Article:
The Aeropress has become a very popular brewing method for a number of reasons. It’s small, cheap, and makes awesome coffee. In this how to I will go over everything you need to know to start making coffee in your Aeropress right now (in under 3 minutes).
What is an Aeropress
The Aeropress is a compact immersion-style coffee maker that packs a punch in a small package. It only immerses in the coffee grounds for a few seconds. The grinds are usually the size of espresso to compensate for the shorter immersion time.
The water is forced out by a plunger when it is finished and the grounds stay inside the chamber because a filter holds them back.
The result is an espresso style brew.
It was invented in 2005 by Alan Adler who was a renowned inventor. It only took a few years for everyone in the coffee world to realize how great his invention really was.
If you are a lover of all things coffee, you need to try the Aeropress. It can produce a great cup of coffee on a small budget.
It also makes a great substitute for an espresso machine.
The Aeropress has such a compact design that people who travel often take one in their suitcase to make great coffee away from home.
Aeropress Grind Size
Because of the brewing method, a fine grind size similar to espresso is recommended. To achieve this, you will need an automatic burr grinder. A manual grinder just isn’t going to give you the fine grinds that you need.
How to use an Aeropress
Using the Aeropress is simple. All you need to do is add your grounds to the chamber. Add some water for it to bloom. Then add the rest of the water and let it steep for 2 minutes. Then plunge into a cup.
The estimated ratio of coffee to water is 17 to 18 grams of coffee to 230 grams of water. This is around 2 1/2 tbs of coffee to about 1 cup of water.
Aeropress Inverted Method
To use the Aeropress inverted you will be brewing it upside down and then flipping it over to plunge.
- You will need to rinse your filter and set it aside.
- Put the plunger inside the main chamber to make a seal.
- Place coffee grounds inside.
- Add 1/4 of the 175 to 185°F water straight inside.
- Stir (10 seconds) to get all the grounds wet and let it bloom.
- Add the rest of the water and stir again.
- Wait 2 minutes, attach cap with the filter, flip it over, and plunge into a cup. (you will hear it hiss from the air pressure)
Aeropress Iced Coffee
For iced Aeropress coffee, I recommend using the inverted method. Then brew the coffee as we talked about above. The only difference is when you plunge it into your cup there will be ice cubes in it this time. And just like that, you will have iced Aeropress coffee.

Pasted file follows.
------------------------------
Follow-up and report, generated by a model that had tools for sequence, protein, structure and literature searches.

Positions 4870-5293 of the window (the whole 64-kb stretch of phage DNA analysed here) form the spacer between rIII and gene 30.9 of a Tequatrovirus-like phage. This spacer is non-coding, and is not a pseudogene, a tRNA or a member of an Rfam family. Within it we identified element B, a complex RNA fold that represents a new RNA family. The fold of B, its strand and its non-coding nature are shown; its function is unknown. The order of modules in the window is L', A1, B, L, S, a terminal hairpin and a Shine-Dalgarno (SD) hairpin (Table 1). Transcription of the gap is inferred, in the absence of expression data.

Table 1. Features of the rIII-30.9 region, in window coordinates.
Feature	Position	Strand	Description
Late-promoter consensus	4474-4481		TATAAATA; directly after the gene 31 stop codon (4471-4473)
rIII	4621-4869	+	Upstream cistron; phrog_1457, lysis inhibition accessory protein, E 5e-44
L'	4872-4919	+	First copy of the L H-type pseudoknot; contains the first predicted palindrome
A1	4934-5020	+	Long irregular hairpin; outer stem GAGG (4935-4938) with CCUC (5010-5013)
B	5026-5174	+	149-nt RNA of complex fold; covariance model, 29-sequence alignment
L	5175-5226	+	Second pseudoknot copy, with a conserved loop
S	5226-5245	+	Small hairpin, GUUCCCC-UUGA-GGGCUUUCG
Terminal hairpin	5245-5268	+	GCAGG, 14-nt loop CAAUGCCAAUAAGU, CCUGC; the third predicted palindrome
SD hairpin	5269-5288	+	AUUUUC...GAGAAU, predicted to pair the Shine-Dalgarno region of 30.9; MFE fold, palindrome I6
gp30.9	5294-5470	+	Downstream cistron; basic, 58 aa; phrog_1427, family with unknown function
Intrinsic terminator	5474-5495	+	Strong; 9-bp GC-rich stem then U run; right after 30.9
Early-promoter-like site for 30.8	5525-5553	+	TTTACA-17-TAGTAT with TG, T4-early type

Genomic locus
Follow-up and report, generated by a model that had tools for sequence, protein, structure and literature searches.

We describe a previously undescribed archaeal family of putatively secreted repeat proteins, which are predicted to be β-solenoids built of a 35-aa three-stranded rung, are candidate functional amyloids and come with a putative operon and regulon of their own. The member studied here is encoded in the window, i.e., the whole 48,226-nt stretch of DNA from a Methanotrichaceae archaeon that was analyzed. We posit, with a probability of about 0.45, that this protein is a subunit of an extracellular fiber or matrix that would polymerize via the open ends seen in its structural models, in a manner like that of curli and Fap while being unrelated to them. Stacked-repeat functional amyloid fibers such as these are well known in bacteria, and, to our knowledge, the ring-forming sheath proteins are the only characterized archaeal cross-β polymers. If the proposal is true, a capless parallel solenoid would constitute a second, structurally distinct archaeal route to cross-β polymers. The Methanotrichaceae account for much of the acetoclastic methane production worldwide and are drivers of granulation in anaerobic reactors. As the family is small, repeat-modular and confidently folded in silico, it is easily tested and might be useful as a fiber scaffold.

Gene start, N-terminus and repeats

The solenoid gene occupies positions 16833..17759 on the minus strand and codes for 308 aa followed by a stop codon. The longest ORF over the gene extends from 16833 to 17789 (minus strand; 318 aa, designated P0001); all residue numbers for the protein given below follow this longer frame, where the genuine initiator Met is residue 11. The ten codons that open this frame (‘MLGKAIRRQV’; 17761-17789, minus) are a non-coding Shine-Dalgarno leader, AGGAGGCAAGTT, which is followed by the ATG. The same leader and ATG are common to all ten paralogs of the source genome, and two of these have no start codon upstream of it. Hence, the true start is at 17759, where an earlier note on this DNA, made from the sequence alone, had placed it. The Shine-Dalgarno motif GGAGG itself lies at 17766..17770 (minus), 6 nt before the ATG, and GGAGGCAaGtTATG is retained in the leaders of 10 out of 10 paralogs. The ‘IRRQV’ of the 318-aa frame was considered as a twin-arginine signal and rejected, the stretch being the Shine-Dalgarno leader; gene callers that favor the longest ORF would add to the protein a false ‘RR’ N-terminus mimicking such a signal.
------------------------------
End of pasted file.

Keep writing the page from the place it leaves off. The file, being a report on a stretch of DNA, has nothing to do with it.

I don’t think it can get any easier than that.
Aeropress Cold Brew
This is by far the easiest, fastest way to cold brew coffee in the world. You really can make a great cup of cold brew in just 2 minutes!
What you will do:
- Using the Inverted method, add coffee grounds
- Add room temperature water
- Stir for 60 seconds (Very Important)
- Flip and press gently into a cup and add ice water (or room temp)
See, it’s insanely easy! You can watch the video on Aeropress.com to see exactly what to do.
The key to this method vs others is the longer stir time with the fine grind.
AND just so you know the guy who invented the Aeropress (Alan Adler) says his favorite coffee is Ethiopian Yirgacheffe.
Reasons the Aeropress is Awesome
Total Immersion is key
The reason why Aeropress coffee tastes so delicious is the total immersion of the coffee grounds in the water. You get a very fast extraction of the beans but robust flavor as a result.
Air Pressure for flavor
The air pressure also makes the filtering time shorter and prevents the bitterness that you get from drip coffee. The pressure also releases the flavor from the ground by compressing it.
Lower Acid Content
It also contains about 1/5th of the acid as a regular cup of drip coffee. It makes this method easy on the stomach. This is due to the lower brew temperatures (175 to 185 °).
The Aeropress is worth a try. With its low cost and durability, it’s an easy investment to make and add to your brewing arsenal. You will love the espresso-like flavor that it puts out.